We had the good fortune of connecting with Katie McGhie and we’ve shared our conversation below.
Hi Katie, what’s one piece of conventional advice that you disagree with?
Fake it ’til you make it has got to be the absolute worst piece of advice that’s ever existed. I’ve tried it and failed miserably. Why? Because you can’t get anywhere without authenticity. I found myself lost in a storm of things I was trying to be. I was pursuing a career in music in a genre that wasn’t something I was passionate about. I wore clothes that made me feel weird. No one could connect with me because I wasn’t connecting with myself. The fastest way to where you want to go is by being your truest self. While it’s cliche, there literally is no one like you on this planet. When it comes to art, or anything for that matter, you are the only one who can do it the way you would do it. And that’s the absolute most beautiful thing about being a creative. Being you. Fully. I spent years pretending to be further along in my career thinking it would be impressive somehow. The truth is, it wasn’t until I just told the truth, until I decided to be honest with myself and others, about who I am and where I’m at in my career, that things started to happen. People can smell inauthenticity a mile away, especially those who want to help you get to the next step. And at the end of the day, I want to connect, not only those I work with, but with those that listen to my music or watch one of my shows. I want them to know they can achieve their dreams with work and dedication. I never want to encourage anyone to be anything other than their perfect, amazing selves. So don’t fake it ’til you make it. Be you until you make it. Then continue to be you and make beautiful things.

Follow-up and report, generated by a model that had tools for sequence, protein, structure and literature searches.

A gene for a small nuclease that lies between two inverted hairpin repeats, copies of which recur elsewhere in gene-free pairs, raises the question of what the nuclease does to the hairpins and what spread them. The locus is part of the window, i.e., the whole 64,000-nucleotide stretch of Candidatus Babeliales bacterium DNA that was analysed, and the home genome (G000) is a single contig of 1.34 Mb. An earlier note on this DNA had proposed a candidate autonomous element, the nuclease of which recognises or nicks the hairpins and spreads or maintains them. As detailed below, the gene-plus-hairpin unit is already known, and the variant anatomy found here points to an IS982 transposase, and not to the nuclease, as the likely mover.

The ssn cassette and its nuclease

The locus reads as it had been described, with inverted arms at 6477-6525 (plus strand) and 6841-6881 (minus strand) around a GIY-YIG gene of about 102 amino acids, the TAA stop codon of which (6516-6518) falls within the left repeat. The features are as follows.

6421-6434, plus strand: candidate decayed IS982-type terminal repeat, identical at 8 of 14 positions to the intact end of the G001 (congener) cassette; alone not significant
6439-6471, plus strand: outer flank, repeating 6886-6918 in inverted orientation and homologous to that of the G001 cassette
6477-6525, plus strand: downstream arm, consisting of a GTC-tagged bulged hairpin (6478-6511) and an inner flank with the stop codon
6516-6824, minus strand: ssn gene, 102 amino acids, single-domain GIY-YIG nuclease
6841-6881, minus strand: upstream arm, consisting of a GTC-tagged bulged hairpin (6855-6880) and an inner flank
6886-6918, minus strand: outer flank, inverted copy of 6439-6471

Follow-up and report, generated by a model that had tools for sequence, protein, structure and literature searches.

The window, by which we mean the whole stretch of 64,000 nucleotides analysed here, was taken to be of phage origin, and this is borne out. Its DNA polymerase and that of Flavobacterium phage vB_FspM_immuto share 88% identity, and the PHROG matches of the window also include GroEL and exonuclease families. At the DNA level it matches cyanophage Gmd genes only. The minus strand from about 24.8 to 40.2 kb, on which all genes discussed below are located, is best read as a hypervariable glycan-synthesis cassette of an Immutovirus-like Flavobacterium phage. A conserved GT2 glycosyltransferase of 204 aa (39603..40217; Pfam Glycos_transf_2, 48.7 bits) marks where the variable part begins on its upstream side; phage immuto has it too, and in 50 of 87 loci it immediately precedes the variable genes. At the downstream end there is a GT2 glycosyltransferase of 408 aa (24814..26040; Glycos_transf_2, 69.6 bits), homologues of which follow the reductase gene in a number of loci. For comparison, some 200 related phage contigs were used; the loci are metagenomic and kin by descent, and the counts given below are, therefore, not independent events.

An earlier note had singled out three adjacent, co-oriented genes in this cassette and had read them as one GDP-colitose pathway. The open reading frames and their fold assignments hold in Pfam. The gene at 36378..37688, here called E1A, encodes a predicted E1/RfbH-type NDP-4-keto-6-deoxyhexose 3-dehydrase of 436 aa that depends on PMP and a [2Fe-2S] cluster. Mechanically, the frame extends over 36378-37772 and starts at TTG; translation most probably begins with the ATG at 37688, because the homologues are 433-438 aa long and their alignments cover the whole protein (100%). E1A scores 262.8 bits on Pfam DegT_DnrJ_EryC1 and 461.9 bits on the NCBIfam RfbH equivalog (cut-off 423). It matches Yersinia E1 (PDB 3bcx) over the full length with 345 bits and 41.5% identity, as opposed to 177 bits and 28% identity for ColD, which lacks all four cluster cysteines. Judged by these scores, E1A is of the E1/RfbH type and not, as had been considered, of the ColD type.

Alright, so let’s move onto what keeps you busy professionally?